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Riddle:

An alarm clock runs 4 minutes slow every hour. It was set right 3 1/2 hours ago. Now another clock which is correct shows noon. 

In how many minutes, to the nearest minutes, to the nearest minute, will the alarm clock show noon?

Answer:

In 3 1/2 hours the alarm clock has become 14 minutes slow. At noon the alarm clock will fall behind approximently an additional minute. Its hands will show noon in 15 minutes.

 

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Riddle:

I move very slowly at an imperceptible rate, although I take my time, I am never late. I accompany life, and survive past demise, I am viewed with esteem in many women's eyes.

What am I?

Answer:

I am your hair.

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Riddle:

Two cyclists began a training run, one starting from Moscow and the other starting from Simferopol.

When the riders were 180 miles apart, a fly took an interest. Starting on one cyclists shoulder, the fly flew ahead to meet the other cyclist. After reaching him the fly then turned around and yet back. 

The restless fly continued to shuttleback and fourth until the pair met; then settled on the nose of one rider.

The flys speed was 30 mph. Each cyclist speed was 15 mph.

How many miles did the fly travel?

Answer:

The cyclists took 6 hours to meet. The fly traveled 6*30=180 miles.

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Riddle:

A boy leaves home in the morning to go to school. At the moment he leaves the house he looks at the clock in the mirror. The clock has no number indication and for this reason the boy makes a mistake in interpreting the time (mirror-image). Just assuming the clock must be out of order, the boy cycles to school, where he arrives after twenty minutes. At that moment the clock at school shows a time that is two and a half hours later than the time that the boy saw on the clock at home.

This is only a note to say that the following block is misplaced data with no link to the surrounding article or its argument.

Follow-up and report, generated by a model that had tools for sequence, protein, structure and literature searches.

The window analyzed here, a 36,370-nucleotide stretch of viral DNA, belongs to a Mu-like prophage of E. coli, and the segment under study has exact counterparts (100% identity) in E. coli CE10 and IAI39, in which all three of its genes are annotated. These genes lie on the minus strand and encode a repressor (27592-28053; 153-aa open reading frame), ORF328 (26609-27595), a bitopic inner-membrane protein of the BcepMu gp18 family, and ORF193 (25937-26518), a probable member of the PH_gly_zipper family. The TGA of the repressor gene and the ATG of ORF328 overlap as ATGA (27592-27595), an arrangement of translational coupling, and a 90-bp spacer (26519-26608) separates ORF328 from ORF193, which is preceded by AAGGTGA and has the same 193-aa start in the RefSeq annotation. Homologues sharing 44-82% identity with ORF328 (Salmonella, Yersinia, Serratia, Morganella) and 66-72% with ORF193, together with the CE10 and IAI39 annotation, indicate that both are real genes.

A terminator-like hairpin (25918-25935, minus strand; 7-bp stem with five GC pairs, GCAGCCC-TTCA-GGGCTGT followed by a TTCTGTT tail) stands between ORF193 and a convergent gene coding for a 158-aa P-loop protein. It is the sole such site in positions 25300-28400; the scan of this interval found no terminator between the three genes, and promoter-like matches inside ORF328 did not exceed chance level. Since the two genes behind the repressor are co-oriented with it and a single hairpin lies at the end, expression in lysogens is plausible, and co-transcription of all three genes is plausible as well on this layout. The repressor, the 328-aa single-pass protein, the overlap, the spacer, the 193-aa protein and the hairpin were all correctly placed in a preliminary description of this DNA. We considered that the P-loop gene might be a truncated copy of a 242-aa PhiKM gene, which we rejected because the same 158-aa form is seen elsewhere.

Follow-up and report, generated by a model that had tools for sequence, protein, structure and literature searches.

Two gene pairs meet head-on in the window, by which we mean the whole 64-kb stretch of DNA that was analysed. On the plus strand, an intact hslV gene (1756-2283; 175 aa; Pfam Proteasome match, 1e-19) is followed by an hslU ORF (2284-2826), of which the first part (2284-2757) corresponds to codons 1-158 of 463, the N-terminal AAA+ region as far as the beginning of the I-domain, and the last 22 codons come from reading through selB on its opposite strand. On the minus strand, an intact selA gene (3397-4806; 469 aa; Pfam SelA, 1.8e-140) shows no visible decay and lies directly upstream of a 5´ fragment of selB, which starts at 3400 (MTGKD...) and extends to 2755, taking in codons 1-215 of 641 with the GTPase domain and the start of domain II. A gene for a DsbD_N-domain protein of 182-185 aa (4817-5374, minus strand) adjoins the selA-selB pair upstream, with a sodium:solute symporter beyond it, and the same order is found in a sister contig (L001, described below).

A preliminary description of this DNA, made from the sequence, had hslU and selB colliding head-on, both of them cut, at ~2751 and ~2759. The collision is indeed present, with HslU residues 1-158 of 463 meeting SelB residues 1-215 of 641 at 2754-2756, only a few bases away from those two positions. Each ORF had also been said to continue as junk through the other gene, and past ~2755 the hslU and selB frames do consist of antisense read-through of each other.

Answer:

The difference between the real time and the time of the mirror image is two hours and ten minutes (two and a half hours, minus the twenty minutes of cycling). Therefore, the original time on the clock at home that morning could only have been five minutes past seven: The difference between these clocks is exactly 2 hours and ten minutes (note that also five minutes past one can be mirrored in a similar way, but this is not in the morning!). Conclusion: The boy reaches school at five minutes past seven plus twenty minutes of cycling, which is twenty-five minutes past seven!...

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Riddle:

A hunter met two shepherds, one of whom had three loaves and the other, five loaves. All the loaves were the same size. The three men agreed to share the eight loaves equally between them. After they had eaten, the hunter gave the shepherds eight bronze coins as payment for his meal. How should the two shepherds fairly divide this money?

Answer:

The shepherd who had three loaves should get one coin and the shepherd who had five loaves should get seven coins. If there were eight loaves and three men, each man ate two and two-thirds loaves. So the first shepherd gave the hunter one-third of a loaf and the second shepherd gave the hunter two and one-third loaves. The shepherd who gave one-third of a loaf should get one coin and the one who gave seven-thirds of a loaf should get seven coins.

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Riddle:

You can use me to stop,

You take me to smoke;

Not only do I stop, But I am a stop,

And the result of pool's first stroke.

What am I?

Answer:

Brake/ Break

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Riddle:

What number squared = 12345678987654321?

 

Answer:

111,111,111